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Will you have a child flying alone on a US flight?

Photo of child awaiting flight at airport

If you have a child who will be flying alone on a commercial US flight---or if you've ever imagined that someday you MIGHT---there are some special considerations to think about.

Of course, to PARENTS, "worry" is what it's all about. Will your child make it OK to his final destination? Will anybody bother her---or, heaven forbid--SNATCH her??

My grandkids fly alone to visit ME, and so I KNOW it's a worry to have your grandchild or child flying alone! But, actually, the FIRST time is the worst...because things WILL turn out OK, and you'll find that out for yourself. Sure, you'll worry again the second, third, fourth---and every!---time. But, by then, you'll have the partial comfort of knowing your worries are probably "for nothing."

The airlines these days have the routine of "accompanying unescorted minors" down to a science. They HAVE TO---they don't want to get slammed with expensive law suits! AS LONG AS your child feels comfortable being away from you...eg. "and won't cry"...the airlines will do THEIR part very well to keep a child flying alone safe and sound.

Should your child fly alone yet?

If YOU will have a child flying alone, your first priority will be to MAKE SURE that your child feels comfortable being away from you. How can you tell? Well, nothing is 100% predictable with kids, but generally speaking, it would be OK to have a child flying alone if he/she can---

*Go to a day care center or friend's house...and let you leave without crying

*Can adjust to a new babysitter coming to the house when you go out for the evening

*Can sleep alone without undue fear. (Remember, you're not going to be at Grandma's house to cuddle him or her. It's not just howling on the AIRPLANE that's a concern!)

*Can do a reasonable amount of self-care...and ESPECIALLY be able to use the toilet without any help. This includes wiping and remembering to zip up again.

Children Flying Alone: Ways to ease your child's mind

Photo: child earing airlines' ID tag

Even if your child meets the above common-sense requirements, it will still be nerve-wracking to have your child flying alone. It will be do-able, but it won't be fun for you...until he or she is safely into Grandma's arms at the other end. (I'm just saying "grandma" because it applies to ME. But, of course, it could be Dad, Cousin Ben or Uncle Buddy, for all that matter.)

It would be best--both for you and also for the child flying alone-- if the two of you have recently taken an air trip TOGETHER. That way, he or she is familiar with the whole "flying scene" and you will KNOW for certain that he is comfortable being in an airplane. You will have seen for yourself that your child hasn't been fearful when the plane lifts off. And has been able to amuse himself more-or-less well. And has managed alone in those tiny airplane bathrooms.

If you aren't able to actually take a flight together with your child, try "breaking him in" to the idea by visiting your local airport several times. Many children LOVE looking at airplanes! (Actually, I was one of them. Going to Los Angeles International Airport just to watch the planes land and take off was a family activity that I enjoyed with my parents. They took me out to LAX to watch the planes about once a year.)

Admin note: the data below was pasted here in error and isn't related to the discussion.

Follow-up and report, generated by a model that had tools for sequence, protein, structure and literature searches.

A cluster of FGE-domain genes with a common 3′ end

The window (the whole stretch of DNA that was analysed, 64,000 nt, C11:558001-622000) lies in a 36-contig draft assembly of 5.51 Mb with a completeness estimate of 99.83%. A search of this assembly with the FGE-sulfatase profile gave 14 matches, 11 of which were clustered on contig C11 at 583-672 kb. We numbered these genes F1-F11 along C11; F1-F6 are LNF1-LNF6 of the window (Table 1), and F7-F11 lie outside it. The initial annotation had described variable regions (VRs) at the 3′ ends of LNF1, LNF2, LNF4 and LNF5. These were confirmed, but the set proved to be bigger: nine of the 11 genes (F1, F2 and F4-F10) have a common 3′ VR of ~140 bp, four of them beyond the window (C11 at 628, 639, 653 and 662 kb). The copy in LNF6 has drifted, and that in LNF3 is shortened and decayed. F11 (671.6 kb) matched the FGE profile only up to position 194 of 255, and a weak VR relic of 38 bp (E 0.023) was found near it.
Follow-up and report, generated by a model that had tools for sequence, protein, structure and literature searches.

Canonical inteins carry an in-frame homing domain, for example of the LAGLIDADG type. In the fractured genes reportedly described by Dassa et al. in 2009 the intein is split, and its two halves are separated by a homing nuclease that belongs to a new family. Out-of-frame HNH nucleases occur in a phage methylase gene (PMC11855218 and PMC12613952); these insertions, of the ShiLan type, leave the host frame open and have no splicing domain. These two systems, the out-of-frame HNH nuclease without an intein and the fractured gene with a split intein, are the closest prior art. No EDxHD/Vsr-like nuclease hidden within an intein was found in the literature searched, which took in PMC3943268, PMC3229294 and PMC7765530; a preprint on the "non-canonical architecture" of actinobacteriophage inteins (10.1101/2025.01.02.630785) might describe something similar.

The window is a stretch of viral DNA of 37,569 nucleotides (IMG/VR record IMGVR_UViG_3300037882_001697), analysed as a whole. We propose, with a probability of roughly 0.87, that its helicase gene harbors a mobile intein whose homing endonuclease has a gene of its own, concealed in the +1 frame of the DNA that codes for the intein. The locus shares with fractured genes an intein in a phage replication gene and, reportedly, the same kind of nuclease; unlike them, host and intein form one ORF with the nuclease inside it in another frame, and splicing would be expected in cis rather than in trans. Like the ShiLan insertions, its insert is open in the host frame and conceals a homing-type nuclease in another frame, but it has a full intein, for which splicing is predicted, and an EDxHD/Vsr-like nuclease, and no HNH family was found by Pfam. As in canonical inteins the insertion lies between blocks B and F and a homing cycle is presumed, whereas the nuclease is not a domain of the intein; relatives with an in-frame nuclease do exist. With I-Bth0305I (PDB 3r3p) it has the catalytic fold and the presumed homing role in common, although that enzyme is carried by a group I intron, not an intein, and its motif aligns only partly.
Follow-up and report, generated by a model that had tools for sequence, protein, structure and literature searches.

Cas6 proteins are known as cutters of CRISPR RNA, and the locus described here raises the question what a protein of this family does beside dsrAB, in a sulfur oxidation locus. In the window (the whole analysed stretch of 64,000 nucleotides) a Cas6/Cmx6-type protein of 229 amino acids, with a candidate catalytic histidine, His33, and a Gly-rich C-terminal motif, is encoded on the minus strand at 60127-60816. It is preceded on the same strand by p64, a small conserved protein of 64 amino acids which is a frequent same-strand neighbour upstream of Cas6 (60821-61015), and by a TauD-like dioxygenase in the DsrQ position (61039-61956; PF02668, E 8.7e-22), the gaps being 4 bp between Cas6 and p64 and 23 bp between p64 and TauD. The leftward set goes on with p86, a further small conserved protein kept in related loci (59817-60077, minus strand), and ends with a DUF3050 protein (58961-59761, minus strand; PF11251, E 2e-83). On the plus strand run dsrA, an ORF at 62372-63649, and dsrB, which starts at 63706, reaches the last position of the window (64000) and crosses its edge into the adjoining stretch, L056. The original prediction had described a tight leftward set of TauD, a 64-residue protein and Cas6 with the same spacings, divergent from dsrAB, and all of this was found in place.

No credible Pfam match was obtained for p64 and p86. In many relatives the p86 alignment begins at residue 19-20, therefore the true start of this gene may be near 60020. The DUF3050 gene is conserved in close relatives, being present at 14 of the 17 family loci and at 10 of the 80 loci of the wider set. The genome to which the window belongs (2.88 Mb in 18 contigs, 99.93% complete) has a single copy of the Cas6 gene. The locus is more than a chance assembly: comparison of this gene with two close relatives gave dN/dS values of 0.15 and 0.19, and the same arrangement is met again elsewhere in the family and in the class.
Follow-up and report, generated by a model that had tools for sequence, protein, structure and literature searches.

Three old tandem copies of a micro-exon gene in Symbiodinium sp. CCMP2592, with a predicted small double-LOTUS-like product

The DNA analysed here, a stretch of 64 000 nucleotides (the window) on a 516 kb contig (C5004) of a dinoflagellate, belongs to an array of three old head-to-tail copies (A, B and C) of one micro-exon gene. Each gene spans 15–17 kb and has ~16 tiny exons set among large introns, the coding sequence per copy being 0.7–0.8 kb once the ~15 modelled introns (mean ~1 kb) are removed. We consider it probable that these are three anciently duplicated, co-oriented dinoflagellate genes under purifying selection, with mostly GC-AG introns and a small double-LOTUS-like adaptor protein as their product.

If you live in Los Angeles, LAX Airport STILL has a good spot for watching the planes with your kids. Head to the Tom Bradley International Terminal...and go to the McDonald's Restaurant on the 2nd floor. (No, you don't have to pass through a security screening to do this.) Your kids will be thrilled with their Happy Meals (although the toy inside may NOT be the same as in out-of-the-airport McDonald's Restaurants.) Plus, you'll get to watch jet airplanes land and take off to all parts of the world---Asia, Australia, South America, Europe. It's quite exciting to think about it really...how all those people in the planes will be thousands of miles from where they awoke by the time they go to bed!

Children Flying Alone: Airline Rules and Regulations

Animation of person drowning in paperwork

Once YOU have decided that your child is old enough to fly, then you have to cope with what the AIRLINES say about your child flying alone. (I added this cute little "drowning in paperwork" cartoon because--no matter which air carrier you choose--having your child fly alone involves PAPERWORK!)

There are no government regulations regarding a child flying alone, and so each individual airline sets its own policies on this matter. The bottom line for YOU---there are as many different sets of rules for a child flying alone as there are airline companies!

However, I CAN give you a somewhat average set of circumstances that you'll encounter when you have a child flying alone. They are---

*Airlines don't accept children as "unaccompanied minors" until they're over the age of 5. From approximately the ages of 5--12, children MUST fly as "unaccompanied minors." And, above that age, tweens and teens have the OPTION to fly unaccompanied with no special regulations...but they MAY unroll in the "unaccompanied minors" program until the age of 18.

*Alas---the unaccompanied minors program involves paying an extra fee! Not only that, but your child must pay a full "adult" fare---he or she won't be eligible for any special children's fare when flying alone.

*You must let the airline know in advance that you have a child flying alone. There are forms to fill out, plus those fees to pay! Before contacting the airline, you must be certain just WHO will be picking up the child. Why so? Because you must provide the name, address and phone number of this person to your airline, and explain what relationship this person has to your child. The pick-up person must produce a government-issued ID in order to take the child on the other end, and it must match what you have told them EXACTLY.